On a hot and humid day in early August, at the International Marine Terminal (IMT) on Commercial Street in Portland, wearing a hard hat and yellow vest, Shaelan Donovan '18 posed for a photo against a blue shipping container.
Surrounded by massive machines lifting the metal boxes, stacking them into neat rows, the senior Economics student at the University of Southern Maine (USM) looked out over the container yard.
“It’s good to be back,” said Donovan, who hails from Kennebunk and interned at the IMT in the spring of 2017.
She recently returned from Iceland, where through a unique partnership between USM and Reykjavík University (RU), she was able to take business classes while advancing her career in international trade — the first USM student to do so.
“It’s interesting because (Reykjavík) is definitely bigger than Portland, but it’s similar,” she said of the Nordic country’s capital.
The two universities signed documents to develop a comprehensive academic partnership in 2016. In 2017, USM President Glenn Cummings and Ari Kristinn Jónsson, president of RU, expanded their relationship to provide more opportunities for student and faculty exchanges with a particular focus on internships.
While Donovan is the first USM student selected to take advantage of the formal exchange program with RU, she’s certainly not the first to explore what Iceland has to offer.
In the summer months of 2017, several groups traveled to Iceland from USM — including students from the Tourism and Hospitality Program, the Honors Program, Maine Regulatory Training and Ethics Center, the USM School of Business and the Muskie School of Public Service — all taking in the incredible landscapes and learning about the Icelandic way of life.
But Donovan’s exchange was trailblazing.
Starting at Home
Donovan started her voyage in international trade at the IMT, where she worked as an intern during the spring semester of 2017 performing research projects and building business systems for the terminal’s clients. She said the experience was transformational in her understanding of global economics.
“My economics degree is really important for me,” she said.
While internships at the IMT are no doubt beneficial for students as they gain real-world experience, they also have tremendous rewards for those charged with managing Maine’s imports and exports.
David Arnold, chief executive officer of Soli DG, the company that manages the IMT on behalf of the Maine Port Authority, said Donovan was well-prepared for her work on the terminal. He credited her education at USM for giving her the skills necessary to keep up with the workload.
“One thing the job requires is to be able to change gears quickly … Shaelan had no trouble working in that fast-paced, rapidly-changing environment,” Arnold said. “Her education served her well. She did phenomenal work.”
Trade supports 180,500 — or 1 in 4 — Maine jobs, according to the Maine International Trade Center (MITC), of which USM is a part. Since 2009, Maine jobs related to trade increased by 25.9 percent, meaning the need for skilled workers is apparent.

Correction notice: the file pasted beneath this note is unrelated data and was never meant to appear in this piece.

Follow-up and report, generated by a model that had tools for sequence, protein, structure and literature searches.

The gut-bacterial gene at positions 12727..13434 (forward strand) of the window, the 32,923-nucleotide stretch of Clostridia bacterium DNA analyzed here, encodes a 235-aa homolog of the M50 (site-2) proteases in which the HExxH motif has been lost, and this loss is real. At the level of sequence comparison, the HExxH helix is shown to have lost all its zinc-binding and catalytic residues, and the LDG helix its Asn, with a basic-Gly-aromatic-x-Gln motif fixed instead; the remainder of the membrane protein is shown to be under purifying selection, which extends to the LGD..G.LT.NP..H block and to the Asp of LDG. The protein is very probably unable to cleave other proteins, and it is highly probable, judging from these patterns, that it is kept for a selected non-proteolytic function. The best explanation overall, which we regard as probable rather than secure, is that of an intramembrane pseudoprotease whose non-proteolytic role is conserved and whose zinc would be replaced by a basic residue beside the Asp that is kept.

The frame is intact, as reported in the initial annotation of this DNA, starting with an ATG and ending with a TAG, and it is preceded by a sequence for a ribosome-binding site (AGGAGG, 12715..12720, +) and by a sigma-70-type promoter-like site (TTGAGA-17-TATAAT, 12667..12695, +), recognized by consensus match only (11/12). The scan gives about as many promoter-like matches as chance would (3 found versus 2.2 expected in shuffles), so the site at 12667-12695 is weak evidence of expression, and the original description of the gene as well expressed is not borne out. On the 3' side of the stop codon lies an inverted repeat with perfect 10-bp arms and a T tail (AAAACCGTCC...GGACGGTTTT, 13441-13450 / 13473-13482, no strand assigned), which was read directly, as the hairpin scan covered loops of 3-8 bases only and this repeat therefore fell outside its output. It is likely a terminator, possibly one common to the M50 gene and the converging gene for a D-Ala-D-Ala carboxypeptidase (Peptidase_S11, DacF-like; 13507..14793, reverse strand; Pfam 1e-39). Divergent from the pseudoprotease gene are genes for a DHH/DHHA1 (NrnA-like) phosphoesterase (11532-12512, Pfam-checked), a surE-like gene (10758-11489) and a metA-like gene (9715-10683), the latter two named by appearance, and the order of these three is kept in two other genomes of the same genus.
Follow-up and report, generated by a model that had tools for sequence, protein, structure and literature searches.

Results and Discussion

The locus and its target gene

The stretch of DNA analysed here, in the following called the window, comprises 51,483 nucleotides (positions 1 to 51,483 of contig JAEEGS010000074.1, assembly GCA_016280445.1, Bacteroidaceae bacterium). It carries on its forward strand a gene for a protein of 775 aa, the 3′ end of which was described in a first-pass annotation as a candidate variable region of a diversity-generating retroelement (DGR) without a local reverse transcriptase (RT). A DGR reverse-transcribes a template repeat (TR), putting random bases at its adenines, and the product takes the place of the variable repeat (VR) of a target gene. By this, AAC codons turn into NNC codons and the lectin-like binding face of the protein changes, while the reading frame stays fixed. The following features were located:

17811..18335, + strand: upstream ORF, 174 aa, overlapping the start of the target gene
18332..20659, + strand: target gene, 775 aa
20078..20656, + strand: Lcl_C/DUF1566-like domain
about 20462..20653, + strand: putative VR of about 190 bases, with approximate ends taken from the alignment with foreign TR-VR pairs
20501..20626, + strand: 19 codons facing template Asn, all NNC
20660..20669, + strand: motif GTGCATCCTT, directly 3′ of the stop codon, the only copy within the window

“The workplace is only as good as its people, so bringing in people with a good attitude who are willing to learn and do great work, like Shaelan, can make a huge difference,” Arnold said. “As a small port, we’re constantly trying to grow and innovate so the impact that one person can have is massive, good or bad.”
Icelandic shipping company Eimskip selected Portland as its North American headquarters in 2013, and the market reach that Maine businesses have as a result of Eimskip service has increased dramatically, Arnold said. According to the MITC, international container shipments from Maine increased by over 600 percent since 2009.
“Maine businesses have access to markets they’ve never had access to before,” Arnold said. “That really sets us up to grow.”
Donovan said she was drawn to the IMT because it functions as an economic linchpin for the state.
“What better avenue could there be to grow our economy?” she said.
Expanding Global Trade
Eimskip currently operates 60 offices in a network of 48 total countries, and employs about 1,700 people worldwide. It operates 21 vessels sailing on six routes in the North Atlantic.
According to Ross Hickey, assistant provost for Research Integrity at USM, when the Eimskip-Portland partnership was launched, it became as affordable to ship goods to Norway as it is to truck them to southern New Jersey. This principle of cost-based geography is critical to Maine’s continued expansion in the North Atlantic.
“Building ties with Iceland is a vitally important element in connecting to the North Atlantic culturally, academically and economically,” Hickey said.
Since 2013, when Eimskip first arrived in Portland, container volumes through the IMT have doubled. The Maine Port Authority and the Maine Department of Transportation have spearheaded a $20 million expansion of the facility that includes a new crane, a new reach stacker, improvements to rail facilities, construction of a new maintenance and operations facility, as well as improvements to the pier, Arnold said.